I have since read and enjoyed a number of his books, both fiction and non-fiction. His “Narratives of Empire” series of historical novels are an excellent way for an immigrant such as myself to become more familiar with American history, while his essays on American imperialism are damning indictments that are still highly pertinent today.

Here’s a selection of Amazon.com links to some of my favourite Gore Vidal works:

Blog Migration II: Independence Day 2012!

After more than 2 years of complete blogging inactivity that corresponds almost exactly (and not coincidentally) with the lifespan of my 2-year old daughter Vivienne, I’ve migrated my blog once again — this time to a WordPress site on a new hosting provider that will eventually take over from both my blog and my personal website. Hello, World! Happy Independence Day!

Blog Migration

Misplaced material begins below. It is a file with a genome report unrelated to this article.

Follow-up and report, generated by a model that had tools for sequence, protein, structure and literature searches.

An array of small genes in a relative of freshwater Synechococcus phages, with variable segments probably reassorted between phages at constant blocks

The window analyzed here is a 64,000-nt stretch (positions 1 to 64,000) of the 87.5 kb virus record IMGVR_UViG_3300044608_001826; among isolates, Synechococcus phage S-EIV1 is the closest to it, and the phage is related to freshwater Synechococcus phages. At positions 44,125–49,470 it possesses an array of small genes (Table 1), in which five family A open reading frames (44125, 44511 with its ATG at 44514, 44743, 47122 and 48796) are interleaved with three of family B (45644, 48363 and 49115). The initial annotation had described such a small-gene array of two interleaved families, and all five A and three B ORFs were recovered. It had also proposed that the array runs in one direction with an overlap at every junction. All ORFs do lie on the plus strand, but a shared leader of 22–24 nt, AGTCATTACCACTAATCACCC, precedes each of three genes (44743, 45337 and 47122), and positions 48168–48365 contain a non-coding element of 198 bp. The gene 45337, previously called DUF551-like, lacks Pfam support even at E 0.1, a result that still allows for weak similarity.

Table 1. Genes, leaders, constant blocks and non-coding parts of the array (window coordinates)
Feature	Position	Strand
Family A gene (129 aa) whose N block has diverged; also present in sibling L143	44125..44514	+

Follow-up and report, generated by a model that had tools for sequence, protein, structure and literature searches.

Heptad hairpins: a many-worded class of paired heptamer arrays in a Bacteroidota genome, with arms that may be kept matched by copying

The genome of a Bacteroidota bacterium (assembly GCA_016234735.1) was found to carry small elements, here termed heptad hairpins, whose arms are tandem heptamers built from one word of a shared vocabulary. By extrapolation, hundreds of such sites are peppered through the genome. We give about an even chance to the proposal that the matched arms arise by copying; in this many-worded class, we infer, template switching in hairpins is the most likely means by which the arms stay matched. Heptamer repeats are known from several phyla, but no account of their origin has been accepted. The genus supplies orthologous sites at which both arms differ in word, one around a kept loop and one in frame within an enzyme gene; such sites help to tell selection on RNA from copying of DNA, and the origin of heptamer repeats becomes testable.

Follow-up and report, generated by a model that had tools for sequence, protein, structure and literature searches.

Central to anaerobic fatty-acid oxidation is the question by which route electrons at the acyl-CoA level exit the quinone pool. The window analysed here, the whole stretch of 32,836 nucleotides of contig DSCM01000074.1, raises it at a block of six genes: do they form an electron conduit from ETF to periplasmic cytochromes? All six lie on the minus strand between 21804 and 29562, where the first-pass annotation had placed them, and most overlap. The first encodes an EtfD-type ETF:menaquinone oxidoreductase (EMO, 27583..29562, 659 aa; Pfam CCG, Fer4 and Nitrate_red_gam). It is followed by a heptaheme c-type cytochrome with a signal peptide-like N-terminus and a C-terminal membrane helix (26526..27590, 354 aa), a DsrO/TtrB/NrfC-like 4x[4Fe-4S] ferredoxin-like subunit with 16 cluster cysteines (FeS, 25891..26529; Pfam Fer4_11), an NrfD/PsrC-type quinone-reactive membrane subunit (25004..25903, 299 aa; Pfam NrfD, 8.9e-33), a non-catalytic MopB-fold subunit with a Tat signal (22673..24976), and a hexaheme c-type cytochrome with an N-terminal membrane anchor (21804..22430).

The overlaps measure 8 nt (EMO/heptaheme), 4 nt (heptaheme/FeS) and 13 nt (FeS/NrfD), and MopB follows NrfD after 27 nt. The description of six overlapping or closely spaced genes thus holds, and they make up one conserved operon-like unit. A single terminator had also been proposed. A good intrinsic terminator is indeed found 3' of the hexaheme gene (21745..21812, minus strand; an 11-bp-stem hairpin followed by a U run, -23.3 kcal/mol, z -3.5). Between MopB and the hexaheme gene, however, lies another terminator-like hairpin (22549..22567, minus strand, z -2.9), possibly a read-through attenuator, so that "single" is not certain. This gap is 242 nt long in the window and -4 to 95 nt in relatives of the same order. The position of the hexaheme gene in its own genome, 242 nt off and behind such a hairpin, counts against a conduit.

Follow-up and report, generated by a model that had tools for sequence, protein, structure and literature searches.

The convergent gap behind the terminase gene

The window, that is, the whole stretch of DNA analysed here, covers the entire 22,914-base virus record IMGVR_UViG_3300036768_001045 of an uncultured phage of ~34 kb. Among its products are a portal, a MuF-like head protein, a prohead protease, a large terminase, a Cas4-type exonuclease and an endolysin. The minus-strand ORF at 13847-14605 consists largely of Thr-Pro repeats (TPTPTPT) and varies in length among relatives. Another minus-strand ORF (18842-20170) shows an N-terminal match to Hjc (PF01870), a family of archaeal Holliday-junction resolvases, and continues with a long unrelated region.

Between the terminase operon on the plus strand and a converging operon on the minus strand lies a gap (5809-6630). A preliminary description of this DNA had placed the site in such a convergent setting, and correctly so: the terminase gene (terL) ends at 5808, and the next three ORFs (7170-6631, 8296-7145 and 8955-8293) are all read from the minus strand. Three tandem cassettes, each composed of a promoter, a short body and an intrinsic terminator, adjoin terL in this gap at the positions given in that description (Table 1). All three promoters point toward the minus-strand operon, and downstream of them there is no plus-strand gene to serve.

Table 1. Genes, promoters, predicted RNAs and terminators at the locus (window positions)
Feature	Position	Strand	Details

Blogger (now owned by Google) recently stopped supporting externally-hosted blogs published by FTP, so I have been forced to migrate my blog hosting to Blogger’s servers.

The migration doesn’t seem to have been completely smooth (specifically local image links, including the website navigation buttons, are broken), so please bear with me as I attempt to fix the glitches.

Don’t Buy ACDSee Photo Manager Software!

My first blog post in some time is a public recommendation that you DO NOT buy any image management software from ACDSee, such as ACDSee Photo Manager or ACDSee Pro Photo Manager.

I am taking this rather unusual step because the customer service folks at ACDSee International Systems Inc. have left this as my last resort, after leaving me high and dry with software that simply stopped working after just 5 months:

Image of Windows Vista dialog reading ACDSee Pro 2.5 Photo Manager has stopped working

I have been a user of ACDSee Photo Manager for some years, and have invested a substantial amount of time and effort in creating a comprehensive hierarchy of categories (a.k.a. metadata) with which to catalogue my extensive library of digital images.